Profits Are Up, But Occupancy Rates Should Be Higher
With the last of the public companies reporting their fourth quarter earnings in March, we now have a better sense of how 2010 ended.  While the results were okay, they did not seem to belie the optimism in the industry right now.  Occupancy rates were either slightly up or flat compared with a year ago, and in some cases slightly down, and pricing increases indicated a 2% to 3% average gain in unit rental rates.  But every company is stronger financially than a year ago, and in the case of Sunrise Senior Living (NYSE: SRZ), much stronger and now more than viable. 
Fourth quarter occupancy rates at companies such as Brookdale Senior Living (NYSE: BKD) and Emeritus Corporation (NYSE: ESC), at 87.5% and 87.6%, respectively, are adequate, but we still get the feeling that they are waiting to “pop,” but without knowing what will force the cork off the pent-up demand that should exist in many markets.  From recent reports, it does not look like the housing market is going to be of any help, at least not in the near term.  But with these “big boys” of seniors housing, a 1% increase in census results in up to $20 million of additional annual revenues and perhaps $15 million in EBITDA.  By hitting the holy grail of 90%-plus occupancy, the result can mean an additional value of almost $500 million, and that is something shareholders would certainly pay attention to. At the recent NIC Conference in California, you could just feel the enthusiasm, but also the concern that it may be a tough slog, and a few years, to get to that 90% level.  The giddiness was helped, of course, by the recent acquisition activity of the health care REITs and the valuations of their transactions. 
Or take the case of Capital Senior Living (NYSE: CSU), whose dissident shareholders from a few years ago are no longer complaining about performance or value.  Same-facility occupancy dipped a bit to 85.3%, but it turned in a solid financial quarter with net income doubling from a year ago with an adjusted EBITDAR margin jumping by 500 basis points from the fourth quarter of 2009 (some acquisitions obviously helped those stats).  CSU’s share price jumped by 27% in March, and is up nearly 60% so far this year, and they can still add portfolios without adding much expense despite having the lowest G&A expense of the sector as a percent of revenues (4.2%).  The other companies are showing similar returns for the past three months (see stock chart on page 3), and the sector is poised for growth and profits.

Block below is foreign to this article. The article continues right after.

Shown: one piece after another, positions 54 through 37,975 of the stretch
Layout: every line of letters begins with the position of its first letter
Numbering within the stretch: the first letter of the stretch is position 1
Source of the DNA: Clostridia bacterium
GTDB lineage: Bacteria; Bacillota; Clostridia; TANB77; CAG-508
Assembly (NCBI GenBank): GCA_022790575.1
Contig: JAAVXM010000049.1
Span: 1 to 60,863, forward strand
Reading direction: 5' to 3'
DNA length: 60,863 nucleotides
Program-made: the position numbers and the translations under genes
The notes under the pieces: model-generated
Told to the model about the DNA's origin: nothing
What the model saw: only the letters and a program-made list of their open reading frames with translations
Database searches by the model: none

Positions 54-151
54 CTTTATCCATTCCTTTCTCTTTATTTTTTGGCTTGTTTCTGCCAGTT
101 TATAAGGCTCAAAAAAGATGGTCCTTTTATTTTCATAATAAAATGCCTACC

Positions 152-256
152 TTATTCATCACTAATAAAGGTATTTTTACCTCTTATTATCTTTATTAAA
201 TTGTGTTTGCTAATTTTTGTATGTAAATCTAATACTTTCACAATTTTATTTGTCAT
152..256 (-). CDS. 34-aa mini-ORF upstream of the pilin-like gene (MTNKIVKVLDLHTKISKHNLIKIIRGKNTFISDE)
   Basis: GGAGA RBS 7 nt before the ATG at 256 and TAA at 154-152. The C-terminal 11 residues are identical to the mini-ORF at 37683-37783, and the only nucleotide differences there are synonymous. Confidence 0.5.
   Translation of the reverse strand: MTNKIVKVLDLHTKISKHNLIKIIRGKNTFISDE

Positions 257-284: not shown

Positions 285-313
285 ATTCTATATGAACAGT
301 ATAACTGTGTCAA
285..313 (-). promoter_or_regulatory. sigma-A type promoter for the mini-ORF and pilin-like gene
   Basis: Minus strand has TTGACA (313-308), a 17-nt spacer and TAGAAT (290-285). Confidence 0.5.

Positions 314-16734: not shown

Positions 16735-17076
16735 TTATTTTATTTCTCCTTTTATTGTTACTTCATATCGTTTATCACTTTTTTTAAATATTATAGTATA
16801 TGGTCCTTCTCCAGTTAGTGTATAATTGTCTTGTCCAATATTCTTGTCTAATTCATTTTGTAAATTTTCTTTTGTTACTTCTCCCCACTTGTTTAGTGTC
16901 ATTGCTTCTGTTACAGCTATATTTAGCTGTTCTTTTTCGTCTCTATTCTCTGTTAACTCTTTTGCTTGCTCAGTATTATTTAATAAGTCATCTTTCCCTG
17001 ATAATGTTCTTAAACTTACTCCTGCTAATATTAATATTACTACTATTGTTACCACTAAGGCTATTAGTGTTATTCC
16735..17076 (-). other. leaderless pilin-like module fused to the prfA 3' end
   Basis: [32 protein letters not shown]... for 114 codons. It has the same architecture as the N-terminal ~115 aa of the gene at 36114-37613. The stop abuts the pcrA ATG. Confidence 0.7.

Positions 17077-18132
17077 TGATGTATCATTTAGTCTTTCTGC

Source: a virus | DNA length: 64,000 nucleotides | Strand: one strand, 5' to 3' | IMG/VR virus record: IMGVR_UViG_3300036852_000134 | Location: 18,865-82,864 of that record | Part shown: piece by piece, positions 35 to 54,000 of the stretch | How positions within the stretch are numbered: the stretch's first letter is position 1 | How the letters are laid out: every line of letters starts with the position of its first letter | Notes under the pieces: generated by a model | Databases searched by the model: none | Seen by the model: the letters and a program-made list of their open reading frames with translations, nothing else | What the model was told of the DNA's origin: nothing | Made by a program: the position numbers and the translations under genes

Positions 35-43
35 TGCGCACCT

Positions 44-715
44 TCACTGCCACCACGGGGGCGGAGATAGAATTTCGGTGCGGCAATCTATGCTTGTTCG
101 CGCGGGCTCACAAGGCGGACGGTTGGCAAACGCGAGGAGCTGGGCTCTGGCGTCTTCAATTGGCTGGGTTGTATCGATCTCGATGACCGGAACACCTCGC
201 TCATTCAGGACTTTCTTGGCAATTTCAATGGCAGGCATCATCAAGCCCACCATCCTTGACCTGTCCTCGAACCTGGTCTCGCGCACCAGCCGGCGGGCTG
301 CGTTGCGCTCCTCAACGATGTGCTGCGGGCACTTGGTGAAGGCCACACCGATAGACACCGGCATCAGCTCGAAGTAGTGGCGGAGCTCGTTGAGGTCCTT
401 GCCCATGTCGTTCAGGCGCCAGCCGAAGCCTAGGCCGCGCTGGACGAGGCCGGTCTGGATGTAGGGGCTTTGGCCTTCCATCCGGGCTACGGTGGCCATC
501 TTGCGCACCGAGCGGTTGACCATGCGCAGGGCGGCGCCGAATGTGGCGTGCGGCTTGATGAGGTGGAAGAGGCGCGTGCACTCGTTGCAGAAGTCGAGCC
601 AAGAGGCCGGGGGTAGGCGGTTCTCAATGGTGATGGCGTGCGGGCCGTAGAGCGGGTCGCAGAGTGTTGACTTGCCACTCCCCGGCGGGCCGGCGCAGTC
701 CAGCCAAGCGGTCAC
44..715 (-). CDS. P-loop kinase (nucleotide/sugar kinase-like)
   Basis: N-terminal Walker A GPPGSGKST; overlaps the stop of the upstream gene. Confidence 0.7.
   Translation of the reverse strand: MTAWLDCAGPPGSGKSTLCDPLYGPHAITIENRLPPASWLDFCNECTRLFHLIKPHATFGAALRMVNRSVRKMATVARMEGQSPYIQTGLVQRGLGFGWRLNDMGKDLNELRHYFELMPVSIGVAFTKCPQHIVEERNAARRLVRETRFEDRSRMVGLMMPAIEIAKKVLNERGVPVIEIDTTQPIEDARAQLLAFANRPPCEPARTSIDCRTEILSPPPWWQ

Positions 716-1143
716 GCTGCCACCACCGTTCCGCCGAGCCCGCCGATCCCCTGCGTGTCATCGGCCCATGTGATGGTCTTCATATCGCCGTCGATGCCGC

The one enigma we still can’t get our hands around is Assisted Living Concepts (NYSE: ALC).  Try as we may, we just can’t understand how the company keeps on reporting better quarters with higher margins as occupancy wallows at the lowest level of the entire industry (and the lowest level in the company’s history).  In the fourth quarter of 2010, the Wisconsin-based company reported a 1.2% increase in revenues from the year-ago quarter, but a 6.1% increase in EBITDAR, a 25.6% increase in net income and a 27% increase in earnings per share.  And management accomplished this with a 2.5% drop in occupancy year over year, and a company-wide occupancy rate of just 62.1% at the end of the fourth quarter 2010, with just 100 or so Medicaid residents remaining in its buildings.  But, it is now a 98% private pay company, which has been management’s end game for a few years now.  And its share price was up 9% in March and 20% for the year (on top of a 23% gain in 2010).  The problem is that the private pay needle just does not want to move, with a 0.4% increase in the private pay census from the fourth quarter of 2009 to the fourth quarter of 2010, and a slight decrease from the third to the fourth quarter last year on a same-facility basis.  But what’s next?…Want to read more? Click here for a free trial to The SeniorCare Investor and download the current issue today